I recently came from a customer’s boat after doing a winterizing and while there I noticed the anode (zinc in this case) on the $3500.00 prop was not connected to anything, other than by friction. Sadly I see this far too often. With this fresh on my mind it caused me to gather some other photos from my hard drive and write a quick blurb on best practices for anode installation.
When installing anodes, anodes can be zinc, aluminum or magnesium, I always make sure to de-oxidize the surface where it will mate to the prop or shaft. For shaft mounted anodes I use a Dremel or 1000 Grit wet sandpaper.
The anode half on the left has been prepped the half on the right is untouched.
This is the Dremel brush, which I often use for shaft anodes. Please don’t over do it, you just want to remove enough surface oxidation to get back to get bright metal.
Clean The Shaft Next
Once you’ve cleaned the mating side/sides of the anode you will then want prep/clean the shaft, strut, trim tabs, rudder etc.. For a prop shaft I usually use 1000 grit wet sand paper. When installing any anode, clean oxidation free surfaces are the best practice.
Once the surfaces are clean, and the anode is on and torqued, you will want to tap the anode to properly seat it to the shaft, rudder etc. then re-torque it once again. This tap is NOT a hard hit it is a light tap. I use a brass hammer..
Getting the shaft, strut, rudder or other mating surface clean & bright is a critical step of the anode installation.
Isolate The Stainless Screws
One of the best things you can do, in order to ensure your anode stays put, is to apply a liberal coating of Tef-Gel to the entire SS bolt that passes through the anode and also to coat the anode surfaces where the bolt passes through it and where the bolt comes into direct contact with the anode. If your anode has a recessed removable nut, do the same for the nut.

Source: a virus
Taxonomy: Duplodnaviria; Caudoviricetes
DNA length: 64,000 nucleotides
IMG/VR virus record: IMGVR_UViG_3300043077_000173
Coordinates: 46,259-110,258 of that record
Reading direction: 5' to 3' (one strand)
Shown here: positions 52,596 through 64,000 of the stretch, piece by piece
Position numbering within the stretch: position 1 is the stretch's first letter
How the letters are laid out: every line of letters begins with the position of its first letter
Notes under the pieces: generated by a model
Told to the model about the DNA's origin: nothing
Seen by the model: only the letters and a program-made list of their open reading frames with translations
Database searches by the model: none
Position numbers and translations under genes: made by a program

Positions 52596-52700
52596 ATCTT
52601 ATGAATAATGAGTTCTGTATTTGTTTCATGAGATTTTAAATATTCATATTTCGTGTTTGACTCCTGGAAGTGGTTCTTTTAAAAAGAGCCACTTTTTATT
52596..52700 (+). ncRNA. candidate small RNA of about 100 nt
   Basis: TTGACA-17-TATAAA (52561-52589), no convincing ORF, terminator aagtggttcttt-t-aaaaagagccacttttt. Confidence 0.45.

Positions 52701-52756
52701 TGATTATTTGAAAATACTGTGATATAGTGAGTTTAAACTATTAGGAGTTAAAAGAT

The practice of applying an insulating compound creates a spot where the stainless bolt or machine screw will be galvanically isolated, as best that it can be, from the anodic metal.
Stainless steel is near the top of the galvanic scale and zinc, magnesium or aluminum, the common anodic metals, are at the bottom. Coating the anode and stainless bolt or bolts is really not optional, if you want the best anodic protection & performance.
Here we can see a zinc from a feathering prop that had the stainless bolt and inside of the zinc liberally coated with Tef-Gel during the installation process. The anodic material around the stainless bolt was completely unaffected, as it should be, and the asnode is eroding very evenly, where it should be. This image was captured exactly as the anode came off the boat.
Even Nail Polish Can Work
Another alternative to Tef-Gel that some choose is to coat the stainless machine screw and anode screw mating surfaces with nail-polish. I find Tef-Gel to perform considerably better than nail-polish but nail-polish is certainly better than nothing at all, as can be seen farther down.
Props Are Expensive
When you are spending $3000.00 – $6000.00 on a feathering propeller you really don’t want your vessel coming out of the water looking like this. Take a bit more time during the prep and installation to ensure your anode stands the best chance of protecting your underwater gear.
A few minutes with some sand paper and a bit of Tef-Gel can go a long way toward better better anodic protection, more even wear & better anode longevity.
A Bit of Time Now
A bit of time spent now can save you money in the future. Remember clean, clean, clean when installaing anodes and do try to siolate those SS screws from the anode as best you can.
Good luck & happy boating!
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